A similar idea has gained momentum in the United States as well with many schools opting into the “early college” model of schooling for students. According to a fact sheet published by Jobs for the Future, a nonprofit organization committed to fixing “leaks” in the education to career pipeline, the figures are promising. Ninety-three percent of students working in the early college system graduate (compared to 75% nationwide), and 76% go on to college. Taking these classes can also lower costs as up to 30% of credits toward a bachelors and 60% toward an associate’s degree can be completed in these programs.

Though CEGEPs are generally accepted as good foundations for students to explore their options and find a career they will enjoy, there have been a few detractors who say there is not enough return on investment, and that by funding CEGEPs, money that could be going to more effective educational systems is being misspent.

StudentsOne thing that is not in question is the importance of postsecondary education to the emerging generation of Canada’s students. As in the US, the Canadian job market is beginning to demand an advanced degree from its workers, meaning that it is imperative that organizations like the Federation of CEGEPs continue to improve the availability and affordability of education. Although neither Canada nor the United States has solved the problem of student readiness and low graduation rates, studying the pros and cons of the current CEGEP system may shed some light on possible future solutions.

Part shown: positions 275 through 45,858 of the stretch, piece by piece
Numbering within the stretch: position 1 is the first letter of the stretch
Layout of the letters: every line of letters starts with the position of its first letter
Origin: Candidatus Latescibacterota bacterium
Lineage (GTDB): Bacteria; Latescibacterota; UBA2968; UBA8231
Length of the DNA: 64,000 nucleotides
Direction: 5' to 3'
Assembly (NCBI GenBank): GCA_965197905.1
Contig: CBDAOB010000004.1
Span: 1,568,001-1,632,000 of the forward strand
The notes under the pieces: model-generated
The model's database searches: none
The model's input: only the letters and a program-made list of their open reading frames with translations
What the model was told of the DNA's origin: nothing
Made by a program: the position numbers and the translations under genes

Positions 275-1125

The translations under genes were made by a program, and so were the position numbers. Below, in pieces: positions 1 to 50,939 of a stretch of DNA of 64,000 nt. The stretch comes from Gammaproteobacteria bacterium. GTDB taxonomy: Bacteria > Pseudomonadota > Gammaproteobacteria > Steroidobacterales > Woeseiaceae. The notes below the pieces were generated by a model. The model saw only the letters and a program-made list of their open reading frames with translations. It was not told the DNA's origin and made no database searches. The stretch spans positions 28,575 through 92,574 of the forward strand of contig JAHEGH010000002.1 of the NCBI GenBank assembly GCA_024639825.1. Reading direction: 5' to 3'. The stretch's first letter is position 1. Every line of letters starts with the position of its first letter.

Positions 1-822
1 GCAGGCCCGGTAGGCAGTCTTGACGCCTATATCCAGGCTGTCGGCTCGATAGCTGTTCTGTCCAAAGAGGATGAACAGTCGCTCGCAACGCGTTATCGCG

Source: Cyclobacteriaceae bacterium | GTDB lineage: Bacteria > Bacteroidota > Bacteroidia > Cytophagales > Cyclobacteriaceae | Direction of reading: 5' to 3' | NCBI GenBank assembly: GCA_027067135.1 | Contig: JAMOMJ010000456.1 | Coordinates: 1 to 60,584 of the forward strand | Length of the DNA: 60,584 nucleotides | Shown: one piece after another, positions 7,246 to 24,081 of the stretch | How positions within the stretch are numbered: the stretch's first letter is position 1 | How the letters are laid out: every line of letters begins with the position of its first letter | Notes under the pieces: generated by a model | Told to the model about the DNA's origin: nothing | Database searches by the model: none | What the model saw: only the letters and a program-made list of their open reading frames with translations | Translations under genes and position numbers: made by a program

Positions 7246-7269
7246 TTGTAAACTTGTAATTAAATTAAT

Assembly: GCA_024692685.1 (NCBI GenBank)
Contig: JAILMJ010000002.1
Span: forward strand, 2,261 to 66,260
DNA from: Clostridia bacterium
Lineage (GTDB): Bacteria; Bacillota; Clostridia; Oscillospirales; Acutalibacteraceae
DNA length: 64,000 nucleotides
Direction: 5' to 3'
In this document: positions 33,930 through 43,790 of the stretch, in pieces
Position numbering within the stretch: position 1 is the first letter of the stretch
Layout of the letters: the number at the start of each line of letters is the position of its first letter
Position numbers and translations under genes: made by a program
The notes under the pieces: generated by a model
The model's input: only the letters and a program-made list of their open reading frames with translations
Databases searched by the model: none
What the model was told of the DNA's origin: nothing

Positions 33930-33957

photo credit: VilledeVicto via Flickr cc by-nd 2.0
photo credit: LeafLanguages via Flickr cc by-sa 2.0

Three Strategies that Moved the Needle in Kentucky

Pages from Kentucky_Lumina060614With its commitment to higher education reform and measurable, systemic goals that have proven attainable, Kentucky has become a model for other states. Though there are many reasons for the success, three key factors stand out: strong leadership for whom education is a top priority, clearly defined goals and smart financial aid programs designed to educate and engage students and their families. By applying these factors on a consistent basis, other states could follow suit and see similar improvements to their own educational systems. Read the full brief here.

 

Kentucky’s story begins with the Postsecondary Education Improvement Act of 1997 that created actual measurable goals for the state. Chief among these goals was increasing the level of postsecondary education completion in Kentucky’s work force. Largely because of this reform, Kentucky’s proportion of adults holding these credentials has increased relative to state population and compared to the national average. Other results include an increased proportion of adults with higher education, improved average bachelor’s degree graduation rates and an improved average of community college graduation rates. When comparing these results to other states, it is important to address the major points of the 1997 reform and its context.